Don’t Let the Halloween Party Become a Nightmare

jack o lanternsAcross the country, recruiters spent the late summer hiring zombies, vampires, witches, and other denizens of the dark to populate the frightful attractions (even an oceanliner) that will be gone by Sunday night.

These thousands of seasonal hires may give kids nightmares, but they’re about the only workers this week who aren’t causing costume angst for the human resources department. Even as most workers are looking forward to Friday’s Halloween party, HR is spooked by the thought someone might show up this year as an Ebola victim or a superhero dressed in what looks suspiciously like underwear.

Observes Michael V. Abcarian, a managing partner in the employment law firm Fisher & Phillips, “In the past few years, we have seen an uptick in issues and questions from clients about Halloween costuming.”

Employers can head off problems by reminding workers to use discretion and good taste in their costume. However, that only goes so far, since what one person thinks is in good taste may be abhorrent to others. For example, a hospital employee coming to work in a hazmat suit (there’s even a sexy version available online) could cause a panic among those who don’t know it’s only a costume.

For sheer bad taste, there’s always the possibility some witless worker will show up as a terrorism victim, as a Michigan woman did last year, posting pictures of herself on social media costumed as a Boston Marathon bombing victim.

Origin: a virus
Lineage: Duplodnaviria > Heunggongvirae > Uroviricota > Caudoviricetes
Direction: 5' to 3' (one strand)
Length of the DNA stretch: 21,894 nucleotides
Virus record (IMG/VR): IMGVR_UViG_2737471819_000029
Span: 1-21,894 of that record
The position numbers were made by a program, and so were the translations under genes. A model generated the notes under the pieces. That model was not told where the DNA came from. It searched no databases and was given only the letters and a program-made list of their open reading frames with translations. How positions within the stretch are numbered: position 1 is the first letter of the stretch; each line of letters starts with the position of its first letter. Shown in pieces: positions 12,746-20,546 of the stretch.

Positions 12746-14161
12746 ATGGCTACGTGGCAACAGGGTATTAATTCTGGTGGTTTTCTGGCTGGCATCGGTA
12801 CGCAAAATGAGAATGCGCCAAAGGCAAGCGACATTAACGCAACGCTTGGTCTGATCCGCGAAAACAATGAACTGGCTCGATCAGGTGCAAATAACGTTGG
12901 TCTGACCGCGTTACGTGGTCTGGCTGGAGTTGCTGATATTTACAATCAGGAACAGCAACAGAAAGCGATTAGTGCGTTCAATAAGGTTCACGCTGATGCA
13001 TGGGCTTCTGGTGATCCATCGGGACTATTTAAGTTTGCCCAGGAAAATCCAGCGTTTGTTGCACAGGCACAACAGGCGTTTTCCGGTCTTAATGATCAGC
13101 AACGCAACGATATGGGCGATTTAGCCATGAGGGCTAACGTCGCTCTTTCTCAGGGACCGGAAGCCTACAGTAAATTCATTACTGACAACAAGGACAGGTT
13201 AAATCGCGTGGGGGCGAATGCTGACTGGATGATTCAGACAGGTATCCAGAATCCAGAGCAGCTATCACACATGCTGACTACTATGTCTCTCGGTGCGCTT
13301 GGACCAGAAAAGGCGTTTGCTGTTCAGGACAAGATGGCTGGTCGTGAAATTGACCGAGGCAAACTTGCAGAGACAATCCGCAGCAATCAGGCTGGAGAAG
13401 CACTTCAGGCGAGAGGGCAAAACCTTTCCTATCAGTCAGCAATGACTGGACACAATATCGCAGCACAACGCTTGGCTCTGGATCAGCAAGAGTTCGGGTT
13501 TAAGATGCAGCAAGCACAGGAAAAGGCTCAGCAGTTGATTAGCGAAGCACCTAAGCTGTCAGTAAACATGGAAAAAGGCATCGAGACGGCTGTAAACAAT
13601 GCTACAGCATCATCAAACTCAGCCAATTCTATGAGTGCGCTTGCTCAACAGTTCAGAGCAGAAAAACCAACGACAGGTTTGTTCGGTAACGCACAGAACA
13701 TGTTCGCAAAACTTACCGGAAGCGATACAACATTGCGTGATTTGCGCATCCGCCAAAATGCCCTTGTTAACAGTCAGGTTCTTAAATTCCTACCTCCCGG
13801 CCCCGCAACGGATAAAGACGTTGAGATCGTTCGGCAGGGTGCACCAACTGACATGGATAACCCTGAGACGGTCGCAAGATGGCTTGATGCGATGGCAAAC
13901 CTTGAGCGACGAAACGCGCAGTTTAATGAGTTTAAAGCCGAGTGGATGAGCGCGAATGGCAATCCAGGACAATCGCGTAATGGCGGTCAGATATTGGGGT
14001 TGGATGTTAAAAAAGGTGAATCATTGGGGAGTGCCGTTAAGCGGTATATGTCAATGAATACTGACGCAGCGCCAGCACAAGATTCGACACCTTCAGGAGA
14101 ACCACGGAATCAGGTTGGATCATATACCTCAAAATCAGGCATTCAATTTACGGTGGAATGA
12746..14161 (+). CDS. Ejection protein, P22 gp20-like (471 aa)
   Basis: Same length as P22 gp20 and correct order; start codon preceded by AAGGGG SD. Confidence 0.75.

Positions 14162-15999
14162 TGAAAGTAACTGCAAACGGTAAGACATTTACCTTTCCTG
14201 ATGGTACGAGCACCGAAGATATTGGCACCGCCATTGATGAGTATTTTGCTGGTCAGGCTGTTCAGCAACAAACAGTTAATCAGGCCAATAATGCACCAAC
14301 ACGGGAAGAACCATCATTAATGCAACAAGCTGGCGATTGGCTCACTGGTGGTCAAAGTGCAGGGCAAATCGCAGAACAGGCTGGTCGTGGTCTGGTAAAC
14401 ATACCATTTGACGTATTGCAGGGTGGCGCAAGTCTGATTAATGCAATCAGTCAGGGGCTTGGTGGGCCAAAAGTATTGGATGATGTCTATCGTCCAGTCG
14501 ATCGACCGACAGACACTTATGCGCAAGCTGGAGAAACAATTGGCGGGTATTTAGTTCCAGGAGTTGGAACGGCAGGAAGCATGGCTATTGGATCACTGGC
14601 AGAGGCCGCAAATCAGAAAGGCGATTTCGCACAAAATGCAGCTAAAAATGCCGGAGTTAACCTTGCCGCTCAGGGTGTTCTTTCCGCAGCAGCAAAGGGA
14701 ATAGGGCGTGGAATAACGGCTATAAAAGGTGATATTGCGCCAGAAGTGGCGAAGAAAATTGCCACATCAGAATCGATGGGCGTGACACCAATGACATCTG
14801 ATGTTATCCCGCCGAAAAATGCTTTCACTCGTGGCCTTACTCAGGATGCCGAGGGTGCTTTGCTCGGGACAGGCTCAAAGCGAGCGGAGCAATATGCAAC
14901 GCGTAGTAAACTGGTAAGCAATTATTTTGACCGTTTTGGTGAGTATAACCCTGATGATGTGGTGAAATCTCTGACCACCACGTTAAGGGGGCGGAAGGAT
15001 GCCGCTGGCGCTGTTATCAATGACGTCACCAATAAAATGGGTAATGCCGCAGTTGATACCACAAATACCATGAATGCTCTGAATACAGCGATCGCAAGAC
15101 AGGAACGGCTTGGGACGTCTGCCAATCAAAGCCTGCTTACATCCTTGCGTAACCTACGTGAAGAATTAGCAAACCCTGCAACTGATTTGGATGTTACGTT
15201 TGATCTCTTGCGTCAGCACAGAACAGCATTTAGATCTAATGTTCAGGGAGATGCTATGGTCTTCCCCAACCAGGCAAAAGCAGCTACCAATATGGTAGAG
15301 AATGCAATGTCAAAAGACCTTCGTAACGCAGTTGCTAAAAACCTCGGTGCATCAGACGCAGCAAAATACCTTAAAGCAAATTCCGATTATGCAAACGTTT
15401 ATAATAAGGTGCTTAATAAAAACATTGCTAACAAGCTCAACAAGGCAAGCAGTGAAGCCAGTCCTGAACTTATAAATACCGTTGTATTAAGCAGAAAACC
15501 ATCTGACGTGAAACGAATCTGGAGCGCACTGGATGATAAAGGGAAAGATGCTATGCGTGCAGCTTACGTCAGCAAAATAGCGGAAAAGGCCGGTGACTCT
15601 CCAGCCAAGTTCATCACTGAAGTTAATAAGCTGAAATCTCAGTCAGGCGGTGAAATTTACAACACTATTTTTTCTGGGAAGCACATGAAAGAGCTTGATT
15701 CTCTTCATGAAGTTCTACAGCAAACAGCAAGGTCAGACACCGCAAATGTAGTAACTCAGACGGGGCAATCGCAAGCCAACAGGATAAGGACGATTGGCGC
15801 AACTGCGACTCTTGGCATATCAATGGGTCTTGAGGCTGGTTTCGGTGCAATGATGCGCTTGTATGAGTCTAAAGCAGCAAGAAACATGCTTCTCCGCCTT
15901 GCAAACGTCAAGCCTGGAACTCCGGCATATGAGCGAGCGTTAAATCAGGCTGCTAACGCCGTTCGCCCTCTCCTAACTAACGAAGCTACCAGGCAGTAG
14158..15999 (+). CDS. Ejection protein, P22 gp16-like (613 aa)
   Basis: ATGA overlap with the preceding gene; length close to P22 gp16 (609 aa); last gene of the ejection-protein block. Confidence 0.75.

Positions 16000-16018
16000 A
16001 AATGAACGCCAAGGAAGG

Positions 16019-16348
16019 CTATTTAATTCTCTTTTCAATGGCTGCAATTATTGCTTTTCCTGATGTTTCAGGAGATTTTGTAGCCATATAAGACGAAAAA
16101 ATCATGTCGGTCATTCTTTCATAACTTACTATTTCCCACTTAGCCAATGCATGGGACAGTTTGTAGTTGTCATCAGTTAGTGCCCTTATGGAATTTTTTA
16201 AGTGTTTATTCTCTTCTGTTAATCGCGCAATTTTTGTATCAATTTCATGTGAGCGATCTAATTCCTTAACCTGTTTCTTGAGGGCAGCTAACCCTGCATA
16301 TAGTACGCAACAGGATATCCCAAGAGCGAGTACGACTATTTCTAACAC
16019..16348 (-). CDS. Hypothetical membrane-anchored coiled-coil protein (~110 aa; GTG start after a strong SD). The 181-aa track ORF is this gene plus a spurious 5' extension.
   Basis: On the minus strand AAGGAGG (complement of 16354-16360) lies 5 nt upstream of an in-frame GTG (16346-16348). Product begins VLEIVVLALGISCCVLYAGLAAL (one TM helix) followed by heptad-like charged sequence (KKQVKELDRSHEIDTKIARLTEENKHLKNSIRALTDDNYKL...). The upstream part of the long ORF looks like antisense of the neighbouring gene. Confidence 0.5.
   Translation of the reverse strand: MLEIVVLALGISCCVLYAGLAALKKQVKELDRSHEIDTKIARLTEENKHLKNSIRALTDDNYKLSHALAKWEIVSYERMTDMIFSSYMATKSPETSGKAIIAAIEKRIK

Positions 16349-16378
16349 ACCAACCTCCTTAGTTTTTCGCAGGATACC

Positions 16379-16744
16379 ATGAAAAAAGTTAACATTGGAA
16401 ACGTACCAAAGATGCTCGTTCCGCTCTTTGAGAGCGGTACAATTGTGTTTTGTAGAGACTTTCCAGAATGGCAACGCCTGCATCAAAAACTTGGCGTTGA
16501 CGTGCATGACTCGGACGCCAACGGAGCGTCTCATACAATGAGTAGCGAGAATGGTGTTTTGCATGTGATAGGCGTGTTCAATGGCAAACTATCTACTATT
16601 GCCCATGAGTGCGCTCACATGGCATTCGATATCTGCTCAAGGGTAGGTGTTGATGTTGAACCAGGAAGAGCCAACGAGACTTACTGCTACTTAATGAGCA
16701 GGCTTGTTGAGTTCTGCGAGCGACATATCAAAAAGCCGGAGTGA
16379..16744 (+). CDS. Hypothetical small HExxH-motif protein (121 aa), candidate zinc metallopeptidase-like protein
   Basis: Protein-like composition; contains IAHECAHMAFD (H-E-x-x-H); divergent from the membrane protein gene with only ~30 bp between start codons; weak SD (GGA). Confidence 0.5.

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Reason enough, say employment lawyers and HR pros, to send everyone a Do and Don’t Halloween memo. Use examples to make clear what’s not acceptable and what is. The Society for Human Resource Management has a slideshow of appropriate and inappropriate costumes.

As if costumes weren’t enough to keep HR up at night, there’s the possibility some workers may object on religious grounds to the whole idea of Halloween. Give them the option of taking the day off with pay, say the lawyers. When a worker complained to the Equal Employment Opportunity Commission about an office Halloween celebration, the case was dismissed because the employee was offered the day off with pay.

John Zappe is the editor of and a contributing editor of John was a newspaper reporter and editor until his geek gene lead him to launch his first website in 1994. He developed and managed online newspaper employment sites and sold advertising services to recruiters and employers. Before joining ERE Media in 2006, John was a senior consultant and analyst with Advanced Interactive Media and previously was Vice President of Digital Media for the Los Angeles Newspaper Group.

Besides writing for ERE, John consults with staffing firms and employment agencies, providing content and managing their social media programs. He also works with organizations and businesses to assist with audience development and marketing. In his spare time  he can be found hiking in the California mountains or competing in canine agility and obedience competitions.

You can contact him here.


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